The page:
Importantly, non-U.S. citizens who file their taxes using an Individual Taxpayer Identification Number (ITIN) are not eligible for a recovery rebate. Moreover, non-U.S. citizens with a SSN who file their taxes jointly with a spouse who has an ITIN or include a qualifying child who has an ITIN are not eligible for a recovery rebate. This means that work-authorized nonimmigrants, such as those in H-1B or TN status, with a spouse or qualifying child who are not eligible to work and do not have a SSN, may not be eligible for a recovery rebate. For a married couple, one with a SSN and the other with an ITIN, the couple would need to separately file their taxes in order to be eligible for the recovery rebate, but doing so could render them ineligible for other, more beneficial tax subsidies. Taxpayers should consult professional tax preparers about the best option for their household situation.
What Is the Impact, If Any, of Receiving a Recovery Rebate under the Public Charge Rule?
The CARES Act structures the recovery rebates as tax credits, and the final rule on the public charge ground of inadmissibility specifically provides that tax credits are not taken into account for purposes of determining public charge. Only public benefits defined in 8 CFR § 212.21(b) will be considered in the public charge inadmissibility determination. These include means-tested programs like Medicaid, Supplemental Security Income (SSI), Temporary Assistance for Needy Families (TANF), Supplemental Nutrition Assistance Program (SNAP), and cash assistance for income maintenance. In accord with the final rule, both 8 CFR § 212.21(b) and the USCIS Policy Manual expressly exclude tax credits from the public benefits definition, as do the Department of State (DOS) Interim Final Rule and the Foreign Affairs Manual (FAM).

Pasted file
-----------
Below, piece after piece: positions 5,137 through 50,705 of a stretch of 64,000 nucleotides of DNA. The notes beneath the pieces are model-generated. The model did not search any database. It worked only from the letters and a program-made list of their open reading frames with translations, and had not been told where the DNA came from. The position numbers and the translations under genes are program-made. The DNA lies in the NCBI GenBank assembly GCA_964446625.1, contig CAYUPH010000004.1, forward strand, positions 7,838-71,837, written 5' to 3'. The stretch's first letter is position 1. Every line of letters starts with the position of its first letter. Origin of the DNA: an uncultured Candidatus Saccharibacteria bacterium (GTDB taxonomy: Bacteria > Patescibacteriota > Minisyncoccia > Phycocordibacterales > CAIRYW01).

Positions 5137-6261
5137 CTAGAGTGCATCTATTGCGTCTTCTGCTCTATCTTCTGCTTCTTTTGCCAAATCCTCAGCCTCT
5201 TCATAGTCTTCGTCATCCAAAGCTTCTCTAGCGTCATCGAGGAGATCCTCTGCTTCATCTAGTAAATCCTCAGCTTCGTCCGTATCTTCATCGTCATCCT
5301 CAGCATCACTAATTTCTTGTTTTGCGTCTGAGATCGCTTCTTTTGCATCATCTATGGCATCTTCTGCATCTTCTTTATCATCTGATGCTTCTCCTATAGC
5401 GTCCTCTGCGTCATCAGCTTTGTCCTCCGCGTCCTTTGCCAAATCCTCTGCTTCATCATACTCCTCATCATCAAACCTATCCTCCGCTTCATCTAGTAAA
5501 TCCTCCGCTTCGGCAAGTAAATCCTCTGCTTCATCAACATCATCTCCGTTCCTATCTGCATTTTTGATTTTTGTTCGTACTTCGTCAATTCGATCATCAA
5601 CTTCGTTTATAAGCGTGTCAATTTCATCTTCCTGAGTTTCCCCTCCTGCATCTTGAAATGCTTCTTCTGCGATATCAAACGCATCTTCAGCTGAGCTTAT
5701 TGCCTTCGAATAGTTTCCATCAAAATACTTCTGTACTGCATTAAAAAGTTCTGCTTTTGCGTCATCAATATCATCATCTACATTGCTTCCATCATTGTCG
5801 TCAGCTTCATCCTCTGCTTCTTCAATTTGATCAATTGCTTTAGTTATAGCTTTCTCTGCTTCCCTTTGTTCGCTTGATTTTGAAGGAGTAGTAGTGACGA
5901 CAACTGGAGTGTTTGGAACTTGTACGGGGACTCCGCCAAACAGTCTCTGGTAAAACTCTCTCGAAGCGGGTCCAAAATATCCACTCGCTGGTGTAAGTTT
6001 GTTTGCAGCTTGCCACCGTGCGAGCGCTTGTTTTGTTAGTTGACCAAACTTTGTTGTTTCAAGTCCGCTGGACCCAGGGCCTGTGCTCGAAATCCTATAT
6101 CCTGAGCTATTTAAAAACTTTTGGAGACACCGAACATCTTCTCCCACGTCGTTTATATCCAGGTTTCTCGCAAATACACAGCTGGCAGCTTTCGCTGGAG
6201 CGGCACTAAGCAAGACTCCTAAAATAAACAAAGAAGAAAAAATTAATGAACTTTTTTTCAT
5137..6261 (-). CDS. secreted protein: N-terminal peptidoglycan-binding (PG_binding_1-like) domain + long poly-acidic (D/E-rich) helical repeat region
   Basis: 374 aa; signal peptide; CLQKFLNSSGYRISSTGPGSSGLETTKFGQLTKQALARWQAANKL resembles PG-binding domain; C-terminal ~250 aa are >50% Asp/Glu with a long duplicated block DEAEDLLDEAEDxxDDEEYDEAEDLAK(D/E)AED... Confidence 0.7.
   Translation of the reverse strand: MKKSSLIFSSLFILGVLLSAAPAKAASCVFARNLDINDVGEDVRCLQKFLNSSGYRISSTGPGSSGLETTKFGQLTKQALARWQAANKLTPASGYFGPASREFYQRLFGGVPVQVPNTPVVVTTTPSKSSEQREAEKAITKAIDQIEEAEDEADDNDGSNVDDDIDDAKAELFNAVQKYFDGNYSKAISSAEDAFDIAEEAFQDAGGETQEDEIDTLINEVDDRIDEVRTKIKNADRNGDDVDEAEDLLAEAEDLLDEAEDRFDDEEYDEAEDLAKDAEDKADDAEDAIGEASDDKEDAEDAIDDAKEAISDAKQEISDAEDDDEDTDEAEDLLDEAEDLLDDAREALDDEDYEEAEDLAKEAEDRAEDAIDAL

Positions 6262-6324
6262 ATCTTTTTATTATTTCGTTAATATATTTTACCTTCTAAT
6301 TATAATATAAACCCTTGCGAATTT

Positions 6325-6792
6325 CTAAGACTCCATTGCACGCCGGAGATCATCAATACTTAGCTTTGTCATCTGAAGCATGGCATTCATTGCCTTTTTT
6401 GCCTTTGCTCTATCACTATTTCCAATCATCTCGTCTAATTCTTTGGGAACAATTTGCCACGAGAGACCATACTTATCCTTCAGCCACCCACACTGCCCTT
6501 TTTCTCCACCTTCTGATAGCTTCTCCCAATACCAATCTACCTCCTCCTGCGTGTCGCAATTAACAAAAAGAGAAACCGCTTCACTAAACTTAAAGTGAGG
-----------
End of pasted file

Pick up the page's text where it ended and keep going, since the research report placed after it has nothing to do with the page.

Koley Jessen continues to monitor the situation and stay current on new legislation and guidance impacting foreign nationals in light of the public charge rule and COVID-19 coronavirus outbreak. If you have additional questions or concerns as the situation develops, please contact a member of the Koley Jessen Employment, Labor and Benefits Practice Group.
* The information contained in this document is provided for informational purposes only. It should not be construed as business, legal, accounting, tax, financial, investment or other advice on any matter and should not be relied upon for such.
The information in this document may not reflect the most current developments as the subject matter is extremely fluid and may change daily. The content and interpretation of the issues addressed herein is subject to revision. Koley Jessen, P.C., L.L.O. disclaims any and all liability with respect to actions taken or not taken based on any or all of the contents of this document to the fullest extent permitted by law. Do not act or refrain from acting upon the information contained in this document without seeking professional or other advice.